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Graham Harwood
9 (Nine) (Harwood, Graham), 2003


Descartes (1596-1650) probably near Ulm on the Danube has a fever. After a day spent in intense philosophical speculations he falls asleep in an agitated state - three dreams later and his vision produces[1] Cartesian Co-ordinates and within them one of the multiple «origins» of maps. This period is dominated by deadly epidemics and during his time in Paris he would have witnessed 60,000 deaths in Lyon from Typhus and 25,000 deaths in Limoges.


Cartesian Co-ordinates are used to input the mouse user position on most windowing environment. Guy Debord, a key Situationist theorist, has caught a cold, some 300 years after Descartes. His infection started after walking around Paris making a series «psycho-geographic guides» in the rain. Recording his aimless wanderings, Debord cuts up and reconfigures a standard Paris map. Reflecting street-level desires and perceptions, mapping alternative itineraries and attempting to subvert what Descartes origin had become. 1988 Stefan Szczelkun walks around cities and produces a series of collaborations called «Duets.»[2] Two people collaborating took a series of 24 «aimless»


pictures over the day revealing the subjective city, Harwood among them leaves early due to a stomach ulcer. Spring 1998 Mongrels begin attempting to subvert Descartes origin. Walking around3 Hull and struck by the lack of finds in the emotional fossil record. Take it upon themselves to fill in the space by making emotional maps of the city with other Mongrels met along the way. Richard: «We could make maps of fear or maps of lust.» Matsuko: «Lets plot emotional states onto the position of things.» Harwood: «Lets go for long aimless walks about nothing and go nowhere.» We work four days and calibrate the information into a geography of social Class.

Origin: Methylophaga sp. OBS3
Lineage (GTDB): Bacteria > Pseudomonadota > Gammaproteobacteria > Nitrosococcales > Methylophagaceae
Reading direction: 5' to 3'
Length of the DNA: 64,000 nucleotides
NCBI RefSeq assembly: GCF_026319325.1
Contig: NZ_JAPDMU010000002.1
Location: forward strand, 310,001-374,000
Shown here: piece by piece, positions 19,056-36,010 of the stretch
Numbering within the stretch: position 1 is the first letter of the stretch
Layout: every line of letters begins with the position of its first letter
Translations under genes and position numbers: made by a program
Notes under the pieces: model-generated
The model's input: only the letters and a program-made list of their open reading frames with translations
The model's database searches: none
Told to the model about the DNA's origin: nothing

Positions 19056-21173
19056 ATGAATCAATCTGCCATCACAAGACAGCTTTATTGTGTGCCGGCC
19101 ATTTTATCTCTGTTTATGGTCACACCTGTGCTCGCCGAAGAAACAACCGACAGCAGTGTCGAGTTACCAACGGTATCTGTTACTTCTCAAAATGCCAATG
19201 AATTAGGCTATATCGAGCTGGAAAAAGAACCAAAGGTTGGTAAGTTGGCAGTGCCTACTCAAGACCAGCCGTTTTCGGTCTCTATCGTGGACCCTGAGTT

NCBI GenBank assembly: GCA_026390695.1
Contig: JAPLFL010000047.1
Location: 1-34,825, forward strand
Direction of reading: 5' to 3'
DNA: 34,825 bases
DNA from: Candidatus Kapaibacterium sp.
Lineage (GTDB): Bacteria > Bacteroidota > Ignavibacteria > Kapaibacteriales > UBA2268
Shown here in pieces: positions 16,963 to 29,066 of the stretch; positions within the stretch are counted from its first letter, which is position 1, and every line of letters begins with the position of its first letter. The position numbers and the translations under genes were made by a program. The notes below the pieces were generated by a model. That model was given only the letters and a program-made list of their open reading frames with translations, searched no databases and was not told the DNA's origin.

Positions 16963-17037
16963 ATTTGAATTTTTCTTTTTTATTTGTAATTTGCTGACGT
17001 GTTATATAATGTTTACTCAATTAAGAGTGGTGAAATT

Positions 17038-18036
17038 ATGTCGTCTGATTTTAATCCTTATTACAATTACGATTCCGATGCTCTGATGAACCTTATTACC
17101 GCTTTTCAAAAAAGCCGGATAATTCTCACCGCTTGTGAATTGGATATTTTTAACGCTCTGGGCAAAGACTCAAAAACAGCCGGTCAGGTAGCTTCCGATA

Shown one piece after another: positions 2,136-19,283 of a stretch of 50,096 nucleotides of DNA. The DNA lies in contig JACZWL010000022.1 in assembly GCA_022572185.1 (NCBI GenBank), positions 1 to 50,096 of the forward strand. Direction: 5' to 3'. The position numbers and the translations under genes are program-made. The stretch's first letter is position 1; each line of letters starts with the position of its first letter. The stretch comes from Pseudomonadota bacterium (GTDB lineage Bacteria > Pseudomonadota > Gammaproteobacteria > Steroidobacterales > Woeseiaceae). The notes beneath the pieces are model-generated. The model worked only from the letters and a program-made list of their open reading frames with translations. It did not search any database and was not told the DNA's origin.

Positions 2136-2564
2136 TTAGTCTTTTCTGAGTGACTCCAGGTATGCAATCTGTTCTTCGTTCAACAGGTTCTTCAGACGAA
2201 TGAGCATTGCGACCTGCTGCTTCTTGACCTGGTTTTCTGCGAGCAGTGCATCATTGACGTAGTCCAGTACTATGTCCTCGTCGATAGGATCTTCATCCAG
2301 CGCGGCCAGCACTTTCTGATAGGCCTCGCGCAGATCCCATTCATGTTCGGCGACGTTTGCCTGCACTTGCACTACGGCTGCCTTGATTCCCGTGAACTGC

Software construction: Note#2 May 98 (a specific need)

We have a specific need that we found doing workshops. We want to have dialogues that allow us to produce fast artefacts of digital culture with other mongrels. A crucial thing we have found in workshops is that people want to produce something that looks good, and means something, but don't want to have to invest months in teaching themselves up to know

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